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Old Christmas Trees Will Help Fish Thrive In Alum Creek

christmas tree with lights
Conger Design

Central Ohioans can give their natural Christmas trees a second life at the bottom of Alum Creek Lake. From now until January 10, the Army Corps of Engineers is accepting donations and sinking them in the lake to create fish habitats.

Kara Wagner, a natural resource specialist at Alum Creek State Park, says the lake was man-made in the 1970s.

“Before that, the land here was just farmland, so there’s not a lot of habitat for fish in our lake,” Wagner says.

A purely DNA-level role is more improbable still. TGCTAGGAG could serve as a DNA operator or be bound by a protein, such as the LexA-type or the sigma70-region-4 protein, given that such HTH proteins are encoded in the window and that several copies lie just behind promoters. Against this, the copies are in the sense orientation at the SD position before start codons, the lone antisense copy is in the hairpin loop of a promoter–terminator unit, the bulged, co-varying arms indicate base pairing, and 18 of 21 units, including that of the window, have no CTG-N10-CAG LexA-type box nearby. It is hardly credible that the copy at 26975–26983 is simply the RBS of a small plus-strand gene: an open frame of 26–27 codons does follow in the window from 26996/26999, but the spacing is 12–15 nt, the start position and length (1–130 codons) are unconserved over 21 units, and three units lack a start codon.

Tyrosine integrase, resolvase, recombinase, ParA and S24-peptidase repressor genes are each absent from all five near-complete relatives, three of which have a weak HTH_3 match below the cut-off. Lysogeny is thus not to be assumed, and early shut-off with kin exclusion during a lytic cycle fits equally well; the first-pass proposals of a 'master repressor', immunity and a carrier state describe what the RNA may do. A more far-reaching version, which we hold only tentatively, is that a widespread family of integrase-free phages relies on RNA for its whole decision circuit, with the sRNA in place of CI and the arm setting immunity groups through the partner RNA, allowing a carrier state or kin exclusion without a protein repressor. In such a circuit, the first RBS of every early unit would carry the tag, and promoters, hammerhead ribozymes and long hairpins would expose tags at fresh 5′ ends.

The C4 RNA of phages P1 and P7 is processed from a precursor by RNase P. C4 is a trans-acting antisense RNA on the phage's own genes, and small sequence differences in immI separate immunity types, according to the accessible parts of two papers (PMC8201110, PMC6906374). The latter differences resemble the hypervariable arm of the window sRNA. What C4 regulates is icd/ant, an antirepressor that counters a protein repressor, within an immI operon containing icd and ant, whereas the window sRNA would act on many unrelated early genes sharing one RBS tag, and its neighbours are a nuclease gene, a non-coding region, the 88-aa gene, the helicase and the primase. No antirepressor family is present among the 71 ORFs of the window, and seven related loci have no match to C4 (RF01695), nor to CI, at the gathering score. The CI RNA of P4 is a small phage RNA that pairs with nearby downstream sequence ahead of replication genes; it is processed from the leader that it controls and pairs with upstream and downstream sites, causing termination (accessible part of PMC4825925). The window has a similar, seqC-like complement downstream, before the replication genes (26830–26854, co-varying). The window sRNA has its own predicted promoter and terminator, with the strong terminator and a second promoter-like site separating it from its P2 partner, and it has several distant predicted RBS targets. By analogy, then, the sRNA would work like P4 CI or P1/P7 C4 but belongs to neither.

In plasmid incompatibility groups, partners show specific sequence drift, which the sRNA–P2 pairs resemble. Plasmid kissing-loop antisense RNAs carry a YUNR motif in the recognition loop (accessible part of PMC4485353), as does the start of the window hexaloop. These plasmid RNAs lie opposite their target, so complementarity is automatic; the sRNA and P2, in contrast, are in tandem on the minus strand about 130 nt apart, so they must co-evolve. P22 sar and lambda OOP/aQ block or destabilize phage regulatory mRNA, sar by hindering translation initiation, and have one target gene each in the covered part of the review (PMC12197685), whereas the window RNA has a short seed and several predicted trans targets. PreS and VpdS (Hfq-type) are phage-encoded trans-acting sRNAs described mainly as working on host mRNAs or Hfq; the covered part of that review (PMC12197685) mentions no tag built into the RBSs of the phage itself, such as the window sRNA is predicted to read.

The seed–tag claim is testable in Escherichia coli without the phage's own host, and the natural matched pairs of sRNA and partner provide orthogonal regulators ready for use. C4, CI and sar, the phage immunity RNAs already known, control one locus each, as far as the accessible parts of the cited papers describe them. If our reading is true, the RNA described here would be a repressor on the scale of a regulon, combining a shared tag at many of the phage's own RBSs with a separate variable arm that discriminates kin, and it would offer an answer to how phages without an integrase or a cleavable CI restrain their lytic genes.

She hopes the trees will act as that habitat, so smaller fish can hide in branches and have a chance to thrive before predators eat them.

Beyond increasing biodiversity and improving water quality, Wagner says that fish can be a recreation boon.

“Bigger fish means happier fishermen,” Wagner says.

Christmas trees must be cleared of lights or other decorations. Donations can be dropped off at the Alum Creek State Park Visitors Center.

Clare Roth was former All Things Considered Host for 89.7 NPR News. She joined WOSU in February of 2017. After attending the Medill School of Journalism at Northwestern University, she returned to her native Iowa as a producer for Iowa Public Radio.